Who’d have thought a Liberal politician would be more concerned about maintaining subsidised production for ABC staff than for car workers?

What Pyne and the Nationals have in common is an apparent belief in the concept of an efficient national broadcaster. Of course, there can be no such thing – you can either be a genuinely national broadcaster that not merely broadcasts to, but makes content in, every part of the country, or you can be efficient. But while you can efficiently produce local content in a rural radio station, or in a TV studio in Adelaide, it will never be as efficient as producing it in a centralised location where economies of scale and larger workforces are available. The ABC is less efficient than commercial broadcasters, because it produces much more of its content in less economically efficient locations like Wagin, so the best way to make it more efficient is to cut back such content. So ABC managing director Mark Scott’s cuts take the government at its word: it wants a more efficient broadcaster, right? Well, this is how you achieve it.

If Pyne or the Nationals or critics of the ending of state-based programs want production subsidies to keep less efficient ABC services open, the answer is what the Howard government did – fund the ABC to maintain those kinds of services (there’ll be an argument about tied funding, but an accommodation can easily be reached that preserves ABC independence but ensures it delivers what the government has funded). Indeed, there is much to be said for making more explicit the cost of being a genuinely national broadcaster so that voters can see how much is spent providing broadcasting services to rural and regional communities.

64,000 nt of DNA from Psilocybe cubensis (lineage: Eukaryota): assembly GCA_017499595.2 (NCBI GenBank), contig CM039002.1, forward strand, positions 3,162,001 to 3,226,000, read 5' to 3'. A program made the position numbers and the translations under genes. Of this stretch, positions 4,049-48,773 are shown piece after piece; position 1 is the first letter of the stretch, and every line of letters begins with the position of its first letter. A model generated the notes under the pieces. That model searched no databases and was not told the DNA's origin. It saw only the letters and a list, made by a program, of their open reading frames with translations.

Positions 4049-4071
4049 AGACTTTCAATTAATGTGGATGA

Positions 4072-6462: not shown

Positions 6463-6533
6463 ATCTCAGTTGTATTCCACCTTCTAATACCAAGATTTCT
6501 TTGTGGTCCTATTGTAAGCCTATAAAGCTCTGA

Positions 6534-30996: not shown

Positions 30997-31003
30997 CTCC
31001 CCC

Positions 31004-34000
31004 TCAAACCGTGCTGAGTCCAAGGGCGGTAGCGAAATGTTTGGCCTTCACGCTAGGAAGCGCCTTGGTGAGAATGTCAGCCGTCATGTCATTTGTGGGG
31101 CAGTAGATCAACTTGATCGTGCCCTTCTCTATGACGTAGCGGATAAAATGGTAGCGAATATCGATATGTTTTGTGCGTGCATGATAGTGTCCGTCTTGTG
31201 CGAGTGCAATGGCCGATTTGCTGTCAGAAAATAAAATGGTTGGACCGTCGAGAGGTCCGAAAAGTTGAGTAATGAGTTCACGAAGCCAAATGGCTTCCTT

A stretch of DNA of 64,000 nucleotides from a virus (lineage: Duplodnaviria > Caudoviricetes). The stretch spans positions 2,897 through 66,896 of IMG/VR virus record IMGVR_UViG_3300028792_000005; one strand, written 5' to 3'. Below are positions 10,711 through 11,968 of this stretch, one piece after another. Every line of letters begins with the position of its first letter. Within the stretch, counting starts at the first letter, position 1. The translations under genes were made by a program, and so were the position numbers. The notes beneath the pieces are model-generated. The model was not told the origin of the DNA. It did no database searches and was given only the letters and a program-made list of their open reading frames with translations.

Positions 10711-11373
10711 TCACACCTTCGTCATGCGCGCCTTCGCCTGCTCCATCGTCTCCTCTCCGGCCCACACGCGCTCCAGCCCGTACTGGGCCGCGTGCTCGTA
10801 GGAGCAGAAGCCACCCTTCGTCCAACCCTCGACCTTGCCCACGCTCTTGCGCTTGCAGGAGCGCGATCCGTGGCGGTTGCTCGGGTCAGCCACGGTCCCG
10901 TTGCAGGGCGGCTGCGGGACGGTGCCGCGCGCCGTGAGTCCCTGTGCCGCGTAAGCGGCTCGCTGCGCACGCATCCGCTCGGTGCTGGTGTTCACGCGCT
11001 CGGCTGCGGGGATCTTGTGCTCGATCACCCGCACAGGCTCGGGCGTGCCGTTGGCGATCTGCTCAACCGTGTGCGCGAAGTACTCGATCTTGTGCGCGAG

What has annoyed News Corporation, of course, is that Scott has declined to target ABC activities in markets where it competes successfully with the Murdoch family’s interests as part of its statutory requirement to provide a comprehensive service. You don’t see the Murdochs running commercially unviable regional radio stations – only a commercially unviable national broadsheet. It’s in digital services that the ABC is the biggest threat to the Murdochs. Thus the froth-mouthed fury in The Australian today about where Scott has chosen to cut. It turns out it’s not merely the Nats and Pyne that had a sense of entitlement about the ABC, the Murdochs did too, and the ABC board has disappointed them. The war, accordingly, will go on.

This article was first published in Crikey.